13 June 2016

Embracing Bias

When I began Patriots and Peoples, I had a clear notion to read and reread two books. Neither A People's History of the United States nor A Patriot's History of the United States pretend to be objective. As an historian who has challenged presumptions of and ambitions towards objectivity, the openly expressed ideological positions of these two books refreshed me.

Many friends and colleagues over the years have praised Howard Zinn's approach in A People's History. Others have condemned it. More often than not, the opinions expressed revealed when Zinn's biases were shared or when they were anathema. My hope was to examine his claims more carefully. To what extent does his bias help illuminate neglected history? To what extent does his bias distort facts and interpretations?

I have neglected this critical reading of Zinn in favor of the same questions posed towards Larry Schweikart and Paul Allen's A Patriot's History of the United States. Their book is close to three times the length of Zinn's and offers better documentation. As I examined the sources they cite, I learned a lot that I did not know.* I also discovered a consistent pattern of distortion. To few of their sources make the arguments that they allege (see especially "America was not a disease-free paradise").

I was hoping for better research in support of conservative ideology. Zinn's distortions appeared to be of a different sort than those by Scheikart and Allen.

The difference provoked disillusionment. My interest in this project waned. Increasingly, I put my energy into my Chess Skills blog (now 1001 published posts). In chess, fabricated evidence and analysis holds no sway. Checkmate cannot be faked.

I would like to return to this project--comparing right-wing and left-wing histories with equal scrutiny. There are plenty of lies and distortions on all sides of the American political spectrum. These lies and distortions affect public policy and they affect our understanding of a shared past. Recently, however, it has become increasingly clear that the pursuit of evidence-based history is less bipartisan than one should expect.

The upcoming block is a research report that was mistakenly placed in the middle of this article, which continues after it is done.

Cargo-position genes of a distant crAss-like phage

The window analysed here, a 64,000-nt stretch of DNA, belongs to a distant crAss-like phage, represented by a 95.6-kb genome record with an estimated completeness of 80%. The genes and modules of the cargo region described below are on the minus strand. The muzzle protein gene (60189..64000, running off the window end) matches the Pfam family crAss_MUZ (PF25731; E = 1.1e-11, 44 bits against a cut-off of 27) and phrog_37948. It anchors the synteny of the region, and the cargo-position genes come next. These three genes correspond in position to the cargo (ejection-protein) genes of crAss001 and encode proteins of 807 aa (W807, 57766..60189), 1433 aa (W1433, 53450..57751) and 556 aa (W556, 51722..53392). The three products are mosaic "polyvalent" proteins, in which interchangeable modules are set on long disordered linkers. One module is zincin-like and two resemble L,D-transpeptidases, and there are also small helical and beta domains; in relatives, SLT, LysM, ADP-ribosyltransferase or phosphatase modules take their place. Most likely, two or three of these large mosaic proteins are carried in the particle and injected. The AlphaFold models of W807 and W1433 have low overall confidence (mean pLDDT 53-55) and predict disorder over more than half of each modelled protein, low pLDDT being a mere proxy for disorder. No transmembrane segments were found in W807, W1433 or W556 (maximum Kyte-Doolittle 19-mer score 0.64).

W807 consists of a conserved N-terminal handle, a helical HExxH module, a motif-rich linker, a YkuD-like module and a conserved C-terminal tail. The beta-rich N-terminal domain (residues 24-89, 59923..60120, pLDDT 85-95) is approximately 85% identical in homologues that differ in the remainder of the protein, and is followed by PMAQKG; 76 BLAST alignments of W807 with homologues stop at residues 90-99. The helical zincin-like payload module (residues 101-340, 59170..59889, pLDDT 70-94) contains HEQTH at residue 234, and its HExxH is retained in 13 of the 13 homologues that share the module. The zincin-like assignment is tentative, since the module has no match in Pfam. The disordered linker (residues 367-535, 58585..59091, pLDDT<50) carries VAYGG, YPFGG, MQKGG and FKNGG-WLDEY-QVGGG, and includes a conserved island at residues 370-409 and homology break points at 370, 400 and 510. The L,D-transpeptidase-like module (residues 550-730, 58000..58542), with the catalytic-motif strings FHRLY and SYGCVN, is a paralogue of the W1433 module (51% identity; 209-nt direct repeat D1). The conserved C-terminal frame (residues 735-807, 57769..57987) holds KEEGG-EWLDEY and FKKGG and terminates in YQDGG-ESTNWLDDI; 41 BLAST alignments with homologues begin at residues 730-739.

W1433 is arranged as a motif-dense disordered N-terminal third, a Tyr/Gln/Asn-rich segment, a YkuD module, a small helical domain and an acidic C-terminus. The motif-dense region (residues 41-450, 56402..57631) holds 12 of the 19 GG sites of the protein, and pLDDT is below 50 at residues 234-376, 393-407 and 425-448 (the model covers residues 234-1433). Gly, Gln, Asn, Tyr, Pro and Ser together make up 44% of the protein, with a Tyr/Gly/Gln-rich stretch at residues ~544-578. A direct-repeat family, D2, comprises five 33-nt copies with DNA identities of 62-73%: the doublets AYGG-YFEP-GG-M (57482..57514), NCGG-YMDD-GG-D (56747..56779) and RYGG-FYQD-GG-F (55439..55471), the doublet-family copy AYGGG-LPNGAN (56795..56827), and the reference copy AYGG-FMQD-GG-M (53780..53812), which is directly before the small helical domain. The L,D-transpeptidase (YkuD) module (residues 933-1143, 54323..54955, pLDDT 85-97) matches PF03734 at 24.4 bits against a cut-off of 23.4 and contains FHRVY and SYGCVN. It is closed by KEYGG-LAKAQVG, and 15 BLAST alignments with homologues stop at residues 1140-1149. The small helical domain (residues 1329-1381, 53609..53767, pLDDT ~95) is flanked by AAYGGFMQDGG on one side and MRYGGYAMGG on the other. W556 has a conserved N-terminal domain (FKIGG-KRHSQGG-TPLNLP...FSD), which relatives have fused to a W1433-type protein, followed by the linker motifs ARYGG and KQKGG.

*I am particularly excited about how the work of Richard Steckel and his colleagues have expanded my understanding of early America. I remain indebted to Schweikart and Allen for bringing this work to my attention. See "Footnote to Larry Schweikart's Claim".

20 November 2015

Refuting Ignorance

George Takei posted on his Facebook page a letter issued by David A. Bowers, mayor of Roanoke, Virginia.

The mayor's comparison of the Syrian refugee crisis to internment of Japanese Americans in World War II demonstrates that Mayor Bowers understands neither history nor current events. There is an underlying theme of xenophobia.

Takei's comments have gone viral, reappearing in many publications.
Mayor Bowers, there are a few key points of history you seem to have missed:

1) The internment (not a "sequester") was not of Japanese "foreign nationals," but of Japanese Americans, two-thirds of whom were U.S. citizens. I was one of them, and my family and I spent 4 years in prison camps because we happened to look like the people who bombed Pearl Harbor. It is my life’s mission to never let such a thing happen again in America.

2) There never was any proven incident of espionage or sabotage from the suspected “enemies” then, just as there has been no act of terrorism from any of the 1,854 Syrian refugees the U.S. already has accepted. We were judged based on who we looked like, and that is about as un-American as it gets.

3) If you are attempting to compare the actual threat of harm from the 120,000 of us who were interned then to the Syrian situation now, the simple answer is this: There was no threat. We loved America. We were decent, honest, hard-working folks. Tens of thousands of lives were ruined, over nothing. 
Mayor Bowers, one of the reasons I am telling our story on Broadway eight times a week in Allegiance is because of people like you. You who hold a position of authority and power, but you demonstrably have failed to learn the most basic of American civics or history lessons. So Mayor Bowers, I am officially inviting you to come see our show, as my personal guest. Perhaps you, too, will come away with more compassion and understanding.